Often, our thoughts are so channeled toward our backyard gardens as places dedicated to our own subsistence work that we forget our neighbors might enjoy the view of our gardens through their own kitchen windows. Today's sabbath rest visits a garden that touched a life in a way many would hardly imagine.
It comes from a book called What Difference Do It Make? which is the sequel to Same Kind of Different As Me. These books offer a look into the lives of those who have a passion to help the homeless, as well as of those homeless people they touch. This particular excerpt is about a man who wants to take his gift as an artist to help addicts and ex-cons forget their troubles through creating art, even if only for a bit. " 'I don't know why art works, why it helps,' he told his world-weary audience [of homeless men.] 'I'm not a therapist. All I know is that it's powerful for me.' " In time, he made it powerful for them, too.
Time, almost like time on a gardening calendar--for him to build relationship with the men, and for him to uncover and clarify his own faulty perceptions and expectations. But eventually, he took his little corp of artists into a homeless center's garden and created something magical.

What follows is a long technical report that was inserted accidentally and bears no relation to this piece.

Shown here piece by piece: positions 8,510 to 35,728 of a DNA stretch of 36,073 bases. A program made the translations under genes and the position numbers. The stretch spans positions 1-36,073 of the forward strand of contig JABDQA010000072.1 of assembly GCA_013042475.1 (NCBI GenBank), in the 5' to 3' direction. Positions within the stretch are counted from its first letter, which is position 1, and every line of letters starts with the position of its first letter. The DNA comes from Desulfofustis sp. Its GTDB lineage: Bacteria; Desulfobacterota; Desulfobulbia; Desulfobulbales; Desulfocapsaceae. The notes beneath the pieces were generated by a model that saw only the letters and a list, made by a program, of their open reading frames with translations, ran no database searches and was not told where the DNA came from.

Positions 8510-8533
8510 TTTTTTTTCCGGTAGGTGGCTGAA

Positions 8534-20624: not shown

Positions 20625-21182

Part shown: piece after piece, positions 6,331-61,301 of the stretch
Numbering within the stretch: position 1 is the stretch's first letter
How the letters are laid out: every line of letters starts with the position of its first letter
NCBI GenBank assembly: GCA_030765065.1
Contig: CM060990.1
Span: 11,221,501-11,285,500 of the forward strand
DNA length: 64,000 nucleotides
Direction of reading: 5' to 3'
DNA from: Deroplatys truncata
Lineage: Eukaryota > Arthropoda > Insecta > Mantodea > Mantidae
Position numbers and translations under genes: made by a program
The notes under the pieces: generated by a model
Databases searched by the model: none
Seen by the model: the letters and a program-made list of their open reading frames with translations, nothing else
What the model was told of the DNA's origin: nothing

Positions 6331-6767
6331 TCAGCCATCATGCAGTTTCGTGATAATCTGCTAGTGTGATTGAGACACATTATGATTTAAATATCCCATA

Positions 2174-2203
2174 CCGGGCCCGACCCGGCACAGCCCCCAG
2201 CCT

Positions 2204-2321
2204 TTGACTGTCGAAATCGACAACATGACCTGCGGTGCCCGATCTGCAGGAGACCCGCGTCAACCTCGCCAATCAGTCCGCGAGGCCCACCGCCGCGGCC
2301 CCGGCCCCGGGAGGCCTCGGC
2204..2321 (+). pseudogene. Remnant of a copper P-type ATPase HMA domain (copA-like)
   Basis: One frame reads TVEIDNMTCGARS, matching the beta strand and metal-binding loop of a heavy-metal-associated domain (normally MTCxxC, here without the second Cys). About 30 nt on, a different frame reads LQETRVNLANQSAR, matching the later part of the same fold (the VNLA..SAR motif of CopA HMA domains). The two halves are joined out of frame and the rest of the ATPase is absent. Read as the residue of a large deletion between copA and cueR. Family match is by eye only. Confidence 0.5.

"Beautiful gardens surrounded the mission--flowers, vines and trellises sheltered in leafy canopies of shade. One day, Don took a handful of men outside and told them. 'Pick anything you want to draw. But whatever you pick, you're going to draw it eight times.'
"It was an exercise in commitment. 'Commitment and follow-through is hard for addicts,' Don said. 'They want something that's immediate. When something doesn't work quickly, they move on to something else.'
"One man picked a vine-covered trellis. But as he sketched and sketched, he focused on the trellis itself, struggling over and over to render the spots where the thin, white wood crossed. It was as though he didn't see the vines or the leaves or the flowers at all. Meanwhile, he became more and more frustrated and impatient.
" 'Slow down a little,' Don coached him. 'What else do you see here? Do you see leaves? Shadows? Colors?'
"The man tried again, this time relaxing a little, sinking into the moment, less intent on the hard detail and more open to the total picture. After a few more tries, he showed his piece to Don, who was impressed with what the man had achieved in the end.
"Art, said Don, teaches something we all need to learn, especially about people who are different from ourselves. 'To see things the way they truly are, sometimes you have to look more deeply.' "
I would venture to say gardening can be some people's "art" in this respect.
Never stop seeing your garden "new every morning."